sal-ūt′, v.t. to address with kind wishes: to greet with a kiss, a bow, &c.: to honour formally by a discharge of cannon, striking colours, &c.—n. act of saluting: the position of the hand, sword, &c. in saluting: greeting: a kiss: a complimentary discharge of cannon, dipping colours, presenting arms, &c., in honour of any one.—ns. Salūtā′tion, act of saluting: that which is said in saluting, any customary or ceremonious form of address at meeting or at parting, or of ceremonial on religious or state occasions, including both forms of speech and gestures: (obs.) quickening, excitement: the Angelic Salutation (see Ave); Salūtatō′rian, in American colleges, the member of a graduating class who pronounces the salutatory oration.—adv. Salū′tatorily.—adj. Salū′tatory, pertaining to salutation.—n. a sacristy in the early church in which the clergy received the greetings of the people: an oration in Latin delivered by the student who ranks second.—n. Salū′ter. [L. salutāre, -ātum—salus, salutis.]
Dictionary of Nautical Terms
A discharge of cannon or small arms, display of flags, or cheering of men, in deference, by the ships of one nation to those of another, or by ships of the same nation to a superior or an equal. Also, the proper compliment paid by troops, on similar occasions, whether with the sword, musket, or hand.
Military Dictionary and Gazetteer
A discharge of artillery in compliment to some individual; beating of drums and dropping of colors for the same purpose; or by earning or presenting arms according to the rank and position of an officer. A salute with cannon is a certain number of arms fired in succession with blank cartridges, in honor of a person, to celebrate an event, or to show respect to the flag of a country. The rapidity with which the pieces are discharged depends upon their caliber. Field-guns should have intervals of five seconds between discharges; siege-guns, eight; and guns of heavier caliber, ten. The minimum number of pieces with which salutes can be fired is 2 for field, 4 for siege, and 6 for sea coast guns.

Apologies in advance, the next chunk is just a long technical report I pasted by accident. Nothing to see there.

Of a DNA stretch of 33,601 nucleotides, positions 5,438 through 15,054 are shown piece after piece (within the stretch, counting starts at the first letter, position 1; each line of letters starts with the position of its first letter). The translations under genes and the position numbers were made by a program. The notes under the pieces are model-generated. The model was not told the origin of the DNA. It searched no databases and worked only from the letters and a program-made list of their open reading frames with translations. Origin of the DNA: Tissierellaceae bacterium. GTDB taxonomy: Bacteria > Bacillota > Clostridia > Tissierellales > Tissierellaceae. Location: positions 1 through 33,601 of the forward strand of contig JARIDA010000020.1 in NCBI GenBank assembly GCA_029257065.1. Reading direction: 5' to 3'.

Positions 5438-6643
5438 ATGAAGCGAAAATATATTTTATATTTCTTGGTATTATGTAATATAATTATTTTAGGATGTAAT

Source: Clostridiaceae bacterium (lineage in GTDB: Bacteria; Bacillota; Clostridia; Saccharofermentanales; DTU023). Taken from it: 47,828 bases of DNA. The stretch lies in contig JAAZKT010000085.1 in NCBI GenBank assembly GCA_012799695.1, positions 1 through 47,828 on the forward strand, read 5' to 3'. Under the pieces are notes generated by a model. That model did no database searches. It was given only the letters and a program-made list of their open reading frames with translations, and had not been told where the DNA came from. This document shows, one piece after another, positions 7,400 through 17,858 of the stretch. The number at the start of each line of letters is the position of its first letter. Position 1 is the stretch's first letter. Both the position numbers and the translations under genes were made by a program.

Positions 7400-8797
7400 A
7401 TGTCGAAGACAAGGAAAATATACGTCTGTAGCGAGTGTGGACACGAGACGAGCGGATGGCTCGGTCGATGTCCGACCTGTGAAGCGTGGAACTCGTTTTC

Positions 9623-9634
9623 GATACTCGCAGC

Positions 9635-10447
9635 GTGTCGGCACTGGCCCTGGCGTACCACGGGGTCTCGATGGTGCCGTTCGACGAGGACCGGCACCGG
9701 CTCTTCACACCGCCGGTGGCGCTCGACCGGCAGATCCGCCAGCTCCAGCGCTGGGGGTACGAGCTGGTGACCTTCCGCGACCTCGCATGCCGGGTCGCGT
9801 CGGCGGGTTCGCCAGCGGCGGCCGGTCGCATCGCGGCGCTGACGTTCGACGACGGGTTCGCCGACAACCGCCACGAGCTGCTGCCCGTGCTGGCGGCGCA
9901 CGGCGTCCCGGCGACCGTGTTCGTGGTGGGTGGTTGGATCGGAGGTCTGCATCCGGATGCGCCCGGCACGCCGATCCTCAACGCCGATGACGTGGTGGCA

Surnames Frequency by Census Records
According to the U.S. Census Bureau, Salute is ranked #123064 in terms of the most common surnames in America.
The Salute surname appeared 140 times in the 2010 census and if you were to sample 100,000 people in the United States, approximately 0 would have the surname Salute.
90% or 126 total occurrences were White.
5% or 7 total occurrences were Asian.
4.2% or 6 total occurrences were of Hispanic origin.
Anagrams for SALUTE »
The numerical value of SALUTE in Chaldean Numerology is: 4
The numerical value of SALUTE in Pythagorean Numerology is: 6
Examples of SALUTE in a Sentence
She would want to salute all of the veterans for all the service that they've done and also the police and firemen.
That didn't happen just once. It happened on every single one that came out of that airplane. It happened on every single one of them. They would release the salute, and he would look down at his watch on every last one, all 13, he looked down at his watch.
Our kids will say the Pledge of Allegiance, salute the flag, learn that America is a great country, and choose the school that best fits them.
I salute both the legislature in Indiana and the legislature in Arkansas for passing strong bills protecting religious liberty.
Astrida Valigorsky/Getty Images:
What the flag represents at this point is confusing. I think it's confusing to us, it's confusing to other countries, it's weird to honor it or to salute to it because you don't know what it stands for anymore.
Popularity rank by frequency of use
Translations for SALUTE
From our Multilingual Translation Dictionary
- salutovat, zdravitCzech
- salutieren, SalutGerman
- χαιρετίζω, ΧαιρετισμόςGreek
- venia, saludoSpanish
- kunnianosoitus, tervehdysFinnish
- saluer, faire un salutFrench
- fàilteScottish Gaelic
- വന്ദിക്കുക, വണങ്ങുകMalayalam
- hilsen, honnør, hilseNorwegian
- saudação, saudarPortuguese
- salutare, saluta, salutRomanian
- отдавать честь, отдание чести, приветствовать, приветствиеRussian